Two 19th-century French sculptures were acquired: Albert-Ernest Carrier-Belleuse's terra-cotta Fantasy Bust of a Veiled Woman (c. 1865–1870) and a Pennsylvania Academy of Fine Arts Medallion (1892–1893) by Jean-Baptiste Daniel-Dupuis.
This previously unrecorded Fantasy Bust of a Veiled Woman by Carrier-Belleuse (1824–1887) is the best of three mold-made examples of the same composition. Carrier-Belleuse employed Auguste Rodin at various junctures, and the similarity between this terra-cotta and the Gallery's Bust of a Woman (1875) by Rodin is striking. Purchased with funds from the New Century Fund, the Fantasy Bust balances recently acquired of academic 19th-century marble sculptures by Randolph Rogers, Pietro Magni, and Thomas Crawford, providing an important chronological bridge between these artists and Rodin. It will be displayed in the Ground Floor Sculpture Galleries in September.
The design of the Pennsylvania Academy of Fine Arts Medallion was commissioned by the Academy in 1892 to award to American artists who merited great honor. The prolific Daniel-Dupuis (1849–1899), whose work is not yet represented in the Gallery's extensive collection of medals and plaquettes, engraved the dies of the smaller gold medal in Paris. This grandly scaled, cast medallion is also linked to the Gallery's renowned collection of sculptures by Rodin: the plaster Age of Bronze by Rodin, which entered the Gallery's collection in 1991, was originally ordered by the Academy in 1898. The acquisition of the medallion was made possible by Mark and Lynne Hammerschlag. It will also go on view before year-end in the Ground Floor Sculpture Galleries.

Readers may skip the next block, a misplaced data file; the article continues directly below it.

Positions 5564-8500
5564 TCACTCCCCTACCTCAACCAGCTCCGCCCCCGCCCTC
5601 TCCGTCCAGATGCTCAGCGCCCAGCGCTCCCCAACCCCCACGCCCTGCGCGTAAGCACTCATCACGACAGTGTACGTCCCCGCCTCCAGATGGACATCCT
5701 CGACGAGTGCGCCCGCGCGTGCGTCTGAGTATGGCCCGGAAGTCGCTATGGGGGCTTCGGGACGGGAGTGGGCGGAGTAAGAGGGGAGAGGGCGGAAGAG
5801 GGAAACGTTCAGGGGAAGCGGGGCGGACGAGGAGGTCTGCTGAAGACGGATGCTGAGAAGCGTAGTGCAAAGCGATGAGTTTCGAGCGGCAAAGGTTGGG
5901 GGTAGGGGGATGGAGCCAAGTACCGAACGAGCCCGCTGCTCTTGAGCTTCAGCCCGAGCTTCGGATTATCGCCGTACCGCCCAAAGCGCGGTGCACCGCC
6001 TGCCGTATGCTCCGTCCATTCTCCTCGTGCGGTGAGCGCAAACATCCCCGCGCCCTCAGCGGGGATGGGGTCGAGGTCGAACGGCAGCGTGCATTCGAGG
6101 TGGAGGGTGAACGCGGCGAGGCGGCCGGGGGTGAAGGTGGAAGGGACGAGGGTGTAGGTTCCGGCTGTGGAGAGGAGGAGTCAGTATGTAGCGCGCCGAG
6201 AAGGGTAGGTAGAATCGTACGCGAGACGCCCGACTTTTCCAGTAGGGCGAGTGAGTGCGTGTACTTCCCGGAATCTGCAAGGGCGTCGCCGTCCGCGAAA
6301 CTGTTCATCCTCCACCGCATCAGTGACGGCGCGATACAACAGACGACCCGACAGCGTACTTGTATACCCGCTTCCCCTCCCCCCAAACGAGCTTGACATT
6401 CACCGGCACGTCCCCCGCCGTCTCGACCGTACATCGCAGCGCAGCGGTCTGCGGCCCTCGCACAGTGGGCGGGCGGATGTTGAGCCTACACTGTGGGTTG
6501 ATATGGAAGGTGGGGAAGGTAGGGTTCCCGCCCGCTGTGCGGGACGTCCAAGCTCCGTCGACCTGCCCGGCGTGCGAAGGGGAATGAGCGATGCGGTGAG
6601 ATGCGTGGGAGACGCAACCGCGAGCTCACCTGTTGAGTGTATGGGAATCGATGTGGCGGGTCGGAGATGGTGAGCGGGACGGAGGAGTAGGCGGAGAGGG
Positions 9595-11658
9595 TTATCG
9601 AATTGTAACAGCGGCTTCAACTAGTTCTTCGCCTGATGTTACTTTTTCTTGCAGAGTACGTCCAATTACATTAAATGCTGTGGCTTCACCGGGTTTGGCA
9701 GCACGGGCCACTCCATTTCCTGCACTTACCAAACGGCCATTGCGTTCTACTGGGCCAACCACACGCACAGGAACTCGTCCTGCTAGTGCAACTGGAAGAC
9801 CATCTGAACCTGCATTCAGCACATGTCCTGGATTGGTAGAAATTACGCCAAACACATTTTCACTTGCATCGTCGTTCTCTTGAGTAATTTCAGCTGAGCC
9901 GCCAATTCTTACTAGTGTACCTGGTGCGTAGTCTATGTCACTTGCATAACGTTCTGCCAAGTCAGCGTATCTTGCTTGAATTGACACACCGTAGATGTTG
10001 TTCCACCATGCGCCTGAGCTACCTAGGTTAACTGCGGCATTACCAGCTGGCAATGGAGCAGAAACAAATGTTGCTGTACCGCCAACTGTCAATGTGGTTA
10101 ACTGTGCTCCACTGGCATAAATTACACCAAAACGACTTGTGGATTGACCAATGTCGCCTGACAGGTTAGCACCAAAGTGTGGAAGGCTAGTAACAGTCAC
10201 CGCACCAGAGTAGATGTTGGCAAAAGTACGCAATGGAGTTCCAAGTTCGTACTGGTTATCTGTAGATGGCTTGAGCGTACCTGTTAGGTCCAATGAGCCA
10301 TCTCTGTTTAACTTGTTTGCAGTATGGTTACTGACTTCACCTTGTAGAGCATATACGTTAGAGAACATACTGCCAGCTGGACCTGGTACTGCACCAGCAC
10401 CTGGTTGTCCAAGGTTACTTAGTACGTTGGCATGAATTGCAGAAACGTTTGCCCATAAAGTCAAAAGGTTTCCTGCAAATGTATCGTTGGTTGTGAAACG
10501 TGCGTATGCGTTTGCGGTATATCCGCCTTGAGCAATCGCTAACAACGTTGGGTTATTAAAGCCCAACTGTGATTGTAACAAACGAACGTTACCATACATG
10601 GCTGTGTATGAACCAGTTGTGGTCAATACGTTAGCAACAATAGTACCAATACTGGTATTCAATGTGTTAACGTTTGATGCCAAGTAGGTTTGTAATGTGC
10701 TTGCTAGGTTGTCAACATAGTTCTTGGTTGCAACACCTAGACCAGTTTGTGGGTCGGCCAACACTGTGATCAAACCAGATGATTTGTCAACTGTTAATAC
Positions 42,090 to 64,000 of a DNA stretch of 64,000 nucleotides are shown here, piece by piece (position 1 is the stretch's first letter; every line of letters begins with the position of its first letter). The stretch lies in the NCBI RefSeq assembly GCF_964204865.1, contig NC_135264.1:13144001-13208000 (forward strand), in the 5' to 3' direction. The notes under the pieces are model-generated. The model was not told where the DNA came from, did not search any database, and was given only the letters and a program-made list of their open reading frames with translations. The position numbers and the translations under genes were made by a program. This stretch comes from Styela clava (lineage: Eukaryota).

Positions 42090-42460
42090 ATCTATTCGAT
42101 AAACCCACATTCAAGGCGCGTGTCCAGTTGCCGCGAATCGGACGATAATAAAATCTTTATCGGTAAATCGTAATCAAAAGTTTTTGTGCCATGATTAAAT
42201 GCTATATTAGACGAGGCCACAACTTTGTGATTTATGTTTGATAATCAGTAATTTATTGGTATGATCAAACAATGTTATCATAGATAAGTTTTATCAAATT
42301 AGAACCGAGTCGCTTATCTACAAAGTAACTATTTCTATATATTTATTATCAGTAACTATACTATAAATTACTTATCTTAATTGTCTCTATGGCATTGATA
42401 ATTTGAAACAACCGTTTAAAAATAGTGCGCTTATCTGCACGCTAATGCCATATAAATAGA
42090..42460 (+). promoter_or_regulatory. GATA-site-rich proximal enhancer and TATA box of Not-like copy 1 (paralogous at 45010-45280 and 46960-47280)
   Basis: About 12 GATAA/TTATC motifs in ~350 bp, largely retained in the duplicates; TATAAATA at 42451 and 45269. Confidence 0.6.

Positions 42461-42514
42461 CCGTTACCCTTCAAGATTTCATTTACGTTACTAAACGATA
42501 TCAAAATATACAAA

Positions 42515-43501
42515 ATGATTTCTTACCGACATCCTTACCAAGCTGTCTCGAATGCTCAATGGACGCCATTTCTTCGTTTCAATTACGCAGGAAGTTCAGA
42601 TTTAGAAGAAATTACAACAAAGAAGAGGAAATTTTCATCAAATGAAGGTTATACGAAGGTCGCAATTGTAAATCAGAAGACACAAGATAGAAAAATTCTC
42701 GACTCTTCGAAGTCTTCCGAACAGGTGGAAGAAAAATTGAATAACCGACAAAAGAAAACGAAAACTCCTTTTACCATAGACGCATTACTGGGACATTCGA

Modern and Contemporary Art
Nancy Graves' Agualine (1980) and James Rosenquist's Spectator—Speed of Light (2001) were both generously donated by Robert E. Meyerhoff and will be added to the growing Collection of Robert and Jane Meyerhoff at the Gallery, on view in the East Building.
Aqualine is the first painting by Graves (1940–1995) to enter the collection. The canvas' high-key colors and expressive linear gestures mark a departure from her more controlled paintings of the late 1970s and seem to signal her later sculpture, such as the Gallery's Spinner (1985). The title, an invented adjective including the Spanish word for water, underscores the fluidity of the composition.